Cawleys is contracted to take the food waste, most of which gets channelled through 10 different anaerobic digestion (AD) plants depending on location. If there is no local AD facility, it goes for in-vessel composting, but the long-term aim is to process it all through AD because of the energy potential.
“As a business we would love to have a call on the energy output. We buy green electricity and have done for a few years, but to draw off gas to power transport is an interest we have in the future,” Walters says.
That said, JPL’s stance on food waste is to redistribute it wherever possible, providing it is still fit for consumption. “The core aim has to be consuming food, it’s grown for consumption, we should be sure at every opportunity that its primary purpose is met. Would I ever foresee commercial considerations overtaking that? No. Having it eaten, whether by a human or animal, would always be our focus,” Walters maintains.
Another waste stream which could prove beneficial for the business is soft plastics – around 3,500 tonnes a year get sent to Centriforce Products for extrusion, but Walters is looking at ways to utilise this material for new store builds in the future. JLP is already putting the waste wood from its pallets and old beds to good use – next year this material will power one of its new energy centres.
Further up the hierarchy, Walters says reuse will become increasingly important, particularly with the bulkier items that John Lewis delivers. Here, drivers will be encouraged to offer a “white glove service” through its customer takeback service so that used items are not treated as waste, but as having potential for a second life.
“We’ve been backhauling products for many years, that unlocks the ability to recycle. And by utilising the space in our vehicles, we can also backhaul packaging materials too – we are now doing that with polystyrene for our white goods appliances. Previously it would have gone into our compactors but it is so voluminous, it doesn’t squash up tight. Now its backhauled by one of our waste contractors and we’ve halved the number of disposal journeys,” Walters says.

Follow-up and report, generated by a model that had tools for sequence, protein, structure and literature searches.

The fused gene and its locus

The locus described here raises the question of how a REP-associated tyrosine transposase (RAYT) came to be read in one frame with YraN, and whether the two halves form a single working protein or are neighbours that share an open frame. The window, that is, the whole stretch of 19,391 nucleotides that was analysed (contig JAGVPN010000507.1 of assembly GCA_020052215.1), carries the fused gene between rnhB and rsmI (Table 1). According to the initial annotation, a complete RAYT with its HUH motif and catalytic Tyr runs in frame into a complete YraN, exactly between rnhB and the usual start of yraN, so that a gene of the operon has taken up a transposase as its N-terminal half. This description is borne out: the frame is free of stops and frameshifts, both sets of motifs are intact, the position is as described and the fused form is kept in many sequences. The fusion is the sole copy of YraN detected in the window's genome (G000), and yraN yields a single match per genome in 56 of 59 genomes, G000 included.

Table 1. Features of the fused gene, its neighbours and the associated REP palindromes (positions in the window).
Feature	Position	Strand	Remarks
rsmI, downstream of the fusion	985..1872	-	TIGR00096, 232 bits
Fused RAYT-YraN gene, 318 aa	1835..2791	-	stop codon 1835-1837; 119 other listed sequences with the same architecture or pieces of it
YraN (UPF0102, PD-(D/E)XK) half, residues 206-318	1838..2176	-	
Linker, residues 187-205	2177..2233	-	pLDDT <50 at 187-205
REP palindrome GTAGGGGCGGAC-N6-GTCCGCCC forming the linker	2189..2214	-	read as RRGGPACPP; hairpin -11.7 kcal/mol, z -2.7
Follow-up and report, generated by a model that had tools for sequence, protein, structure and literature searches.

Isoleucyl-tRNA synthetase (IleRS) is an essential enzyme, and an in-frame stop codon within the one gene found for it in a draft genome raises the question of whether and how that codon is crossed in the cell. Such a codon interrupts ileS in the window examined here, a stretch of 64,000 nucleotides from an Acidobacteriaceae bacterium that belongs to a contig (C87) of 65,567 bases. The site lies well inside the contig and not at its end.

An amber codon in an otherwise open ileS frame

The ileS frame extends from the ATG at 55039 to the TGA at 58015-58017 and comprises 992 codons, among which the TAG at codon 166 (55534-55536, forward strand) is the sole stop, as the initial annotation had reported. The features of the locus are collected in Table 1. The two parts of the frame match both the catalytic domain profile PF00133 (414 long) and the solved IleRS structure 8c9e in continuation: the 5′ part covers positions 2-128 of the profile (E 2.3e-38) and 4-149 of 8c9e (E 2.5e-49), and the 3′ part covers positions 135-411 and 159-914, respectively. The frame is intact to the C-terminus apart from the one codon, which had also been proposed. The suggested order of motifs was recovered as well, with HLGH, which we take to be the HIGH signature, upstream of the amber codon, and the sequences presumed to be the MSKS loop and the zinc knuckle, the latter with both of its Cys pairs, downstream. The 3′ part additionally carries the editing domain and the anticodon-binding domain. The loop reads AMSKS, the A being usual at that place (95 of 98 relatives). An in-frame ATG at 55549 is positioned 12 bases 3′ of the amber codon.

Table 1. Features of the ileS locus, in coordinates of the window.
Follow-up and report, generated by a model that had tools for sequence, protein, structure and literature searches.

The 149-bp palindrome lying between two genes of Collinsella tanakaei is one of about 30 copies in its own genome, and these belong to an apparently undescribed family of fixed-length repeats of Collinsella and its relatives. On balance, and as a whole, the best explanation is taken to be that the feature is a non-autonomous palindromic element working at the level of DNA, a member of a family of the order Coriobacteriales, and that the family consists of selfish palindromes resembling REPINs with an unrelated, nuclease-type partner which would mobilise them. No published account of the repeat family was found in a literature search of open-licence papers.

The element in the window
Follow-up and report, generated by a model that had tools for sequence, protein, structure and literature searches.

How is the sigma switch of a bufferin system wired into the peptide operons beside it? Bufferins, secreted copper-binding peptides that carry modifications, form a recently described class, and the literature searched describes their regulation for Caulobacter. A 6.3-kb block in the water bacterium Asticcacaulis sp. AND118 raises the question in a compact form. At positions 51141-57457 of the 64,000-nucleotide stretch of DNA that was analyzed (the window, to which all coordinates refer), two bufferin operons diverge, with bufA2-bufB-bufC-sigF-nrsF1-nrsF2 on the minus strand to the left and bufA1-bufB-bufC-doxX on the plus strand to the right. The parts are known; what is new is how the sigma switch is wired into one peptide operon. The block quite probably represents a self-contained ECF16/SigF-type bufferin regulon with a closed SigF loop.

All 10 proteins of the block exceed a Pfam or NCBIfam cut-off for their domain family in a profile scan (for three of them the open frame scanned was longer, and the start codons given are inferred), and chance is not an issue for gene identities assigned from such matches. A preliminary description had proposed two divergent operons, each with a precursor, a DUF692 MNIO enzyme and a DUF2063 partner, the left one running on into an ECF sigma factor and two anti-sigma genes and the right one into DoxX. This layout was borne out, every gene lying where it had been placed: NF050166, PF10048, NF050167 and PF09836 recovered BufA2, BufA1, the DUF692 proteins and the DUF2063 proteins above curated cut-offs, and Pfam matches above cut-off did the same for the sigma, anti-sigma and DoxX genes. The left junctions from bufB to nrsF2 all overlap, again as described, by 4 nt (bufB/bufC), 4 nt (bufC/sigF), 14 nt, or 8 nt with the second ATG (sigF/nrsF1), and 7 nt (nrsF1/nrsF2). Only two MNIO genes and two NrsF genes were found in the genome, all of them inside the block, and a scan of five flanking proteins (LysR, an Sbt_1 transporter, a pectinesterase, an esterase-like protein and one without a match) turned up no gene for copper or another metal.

Asked where JPL has made the greatest gains in its waste management drive, Walters points to better source-segregation of materials and staff buy-in. JPL is somewhat unique for a big business as every employee owns a stake in the company so arguably it is in their interest to diligently recycle or reuse what they can. That said, there are still challenges but joining the dots between resource efficiency and income generation can work wonders.
“We are very transparent about where our waste goes, but also we give our staff actual figures – so they can see how much a tonne of cardboard or plastic generates in income for our business. And the more profit we generate across the company, the bigger the bonus,” Walters points out.
Commercially, there is a very straightforward way of thinking about waste, he adds: “Every tonne of waste buried in landfill costs us more than £100, and this increases every year”. Once businesses take that as their starting point, the rest often falls into place.
Maxine Perella is Waste Market Editor of edie